As last evening's presidential debate illustrates, grammar matters, especially in a news cycle where gaffes become the next morning's headline. Governor Romney's effective point of having more women in high-level cabinet positions than any other head of state in the union became lost in laughter when he said he had "binderfuls of women" rather than "binderfuls of women's resumes" (for a Mormon candidate, a most unfortunate mistake).
The governor also blundered when he said that the president refused to call the attack on the consulate in Libya an act of "terror." As Ms. Crowley pointed out correctly, that was not true. What is true, however, is the point that the governor was trying to make: The president did not want to name the action an act of "terror-ism," which would have implicated a more highly organized anti-American group, rather than a few spontaneous protests.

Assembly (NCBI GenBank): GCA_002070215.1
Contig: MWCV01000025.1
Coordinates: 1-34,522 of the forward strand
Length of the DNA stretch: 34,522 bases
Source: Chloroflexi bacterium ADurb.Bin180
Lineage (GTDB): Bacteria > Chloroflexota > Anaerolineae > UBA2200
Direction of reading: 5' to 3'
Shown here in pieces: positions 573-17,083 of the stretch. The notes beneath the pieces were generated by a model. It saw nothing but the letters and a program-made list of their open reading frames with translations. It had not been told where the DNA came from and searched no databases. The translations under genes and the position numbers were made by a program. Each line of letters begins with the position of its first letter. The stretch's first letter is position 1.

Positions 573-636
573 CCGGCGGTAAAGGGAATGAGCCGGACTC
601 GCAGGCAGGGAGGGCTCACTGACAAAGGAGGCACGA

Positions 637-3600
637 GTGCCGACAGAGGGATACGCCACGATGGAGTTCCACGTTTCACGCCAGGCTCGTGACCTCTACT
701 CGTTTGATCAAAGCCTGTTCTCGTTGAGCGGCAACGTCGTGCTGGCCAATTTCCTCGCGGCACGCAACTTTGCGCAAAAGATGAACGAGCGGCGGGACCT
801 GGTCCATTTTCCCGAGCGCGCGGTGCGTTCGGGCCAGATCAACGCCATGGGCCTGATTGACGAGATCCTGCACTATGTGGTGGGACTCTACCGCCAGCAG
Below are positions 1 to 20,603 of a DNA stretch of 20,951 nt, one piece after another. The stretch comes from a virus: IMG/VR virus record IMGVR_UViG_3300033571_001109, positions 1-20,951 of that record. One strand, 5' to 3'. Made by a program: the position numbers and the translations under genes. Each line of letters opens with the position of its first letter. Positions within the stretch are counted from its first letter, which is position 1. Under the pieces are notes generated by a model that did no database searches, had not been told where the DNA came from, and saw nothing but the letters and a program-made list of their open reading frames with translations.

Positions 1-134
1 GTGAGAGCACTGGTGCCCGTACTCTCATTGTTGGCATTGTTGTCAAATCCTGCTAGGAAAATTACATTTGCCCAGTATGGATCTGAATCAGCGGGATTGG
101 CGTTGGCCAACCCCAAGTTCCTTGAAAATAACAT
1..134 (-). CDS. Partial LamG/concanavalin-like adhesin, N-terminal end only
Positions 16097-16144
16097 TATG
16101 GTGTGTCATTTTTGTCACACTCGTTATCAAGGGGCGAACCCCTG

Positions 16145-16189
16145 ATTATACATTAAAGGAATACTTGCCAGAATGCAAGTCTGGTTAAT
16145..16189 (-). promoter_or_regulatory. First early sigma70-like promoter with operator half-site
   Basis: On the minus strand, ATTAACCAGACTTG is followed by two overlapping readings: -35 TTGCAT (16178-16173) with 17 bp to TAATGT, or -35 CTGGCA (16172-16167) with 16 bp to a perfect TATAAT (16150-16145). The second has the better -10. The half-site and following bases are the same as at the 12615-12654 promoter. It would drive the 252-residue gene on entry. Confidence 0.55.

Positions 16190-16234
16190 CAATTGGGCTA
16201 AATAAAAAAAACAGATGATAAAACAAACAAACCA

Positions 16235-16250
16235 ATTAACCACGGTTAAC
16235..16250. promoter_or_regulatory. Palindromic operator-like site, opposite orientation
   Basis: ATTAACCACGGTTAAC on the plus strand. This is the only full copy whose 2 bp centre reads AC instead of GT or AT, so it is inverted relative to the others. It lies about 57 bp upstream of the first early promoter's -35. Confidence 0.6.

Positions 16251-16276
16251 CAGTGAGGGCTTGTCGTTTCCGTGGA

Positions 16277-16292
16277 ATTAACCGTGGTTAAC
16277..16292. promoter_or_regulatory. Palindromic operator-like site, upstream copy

Of course, the vice president, with his likeable and larger than life persona, has been known to get away with this sort of thing; the president and the governor, however, while also good-hearted men, are much more understated, and need to watch themselves. In this day of YouTube, a campaign can be lost with a mere slip of the lip.
Price W. Grisham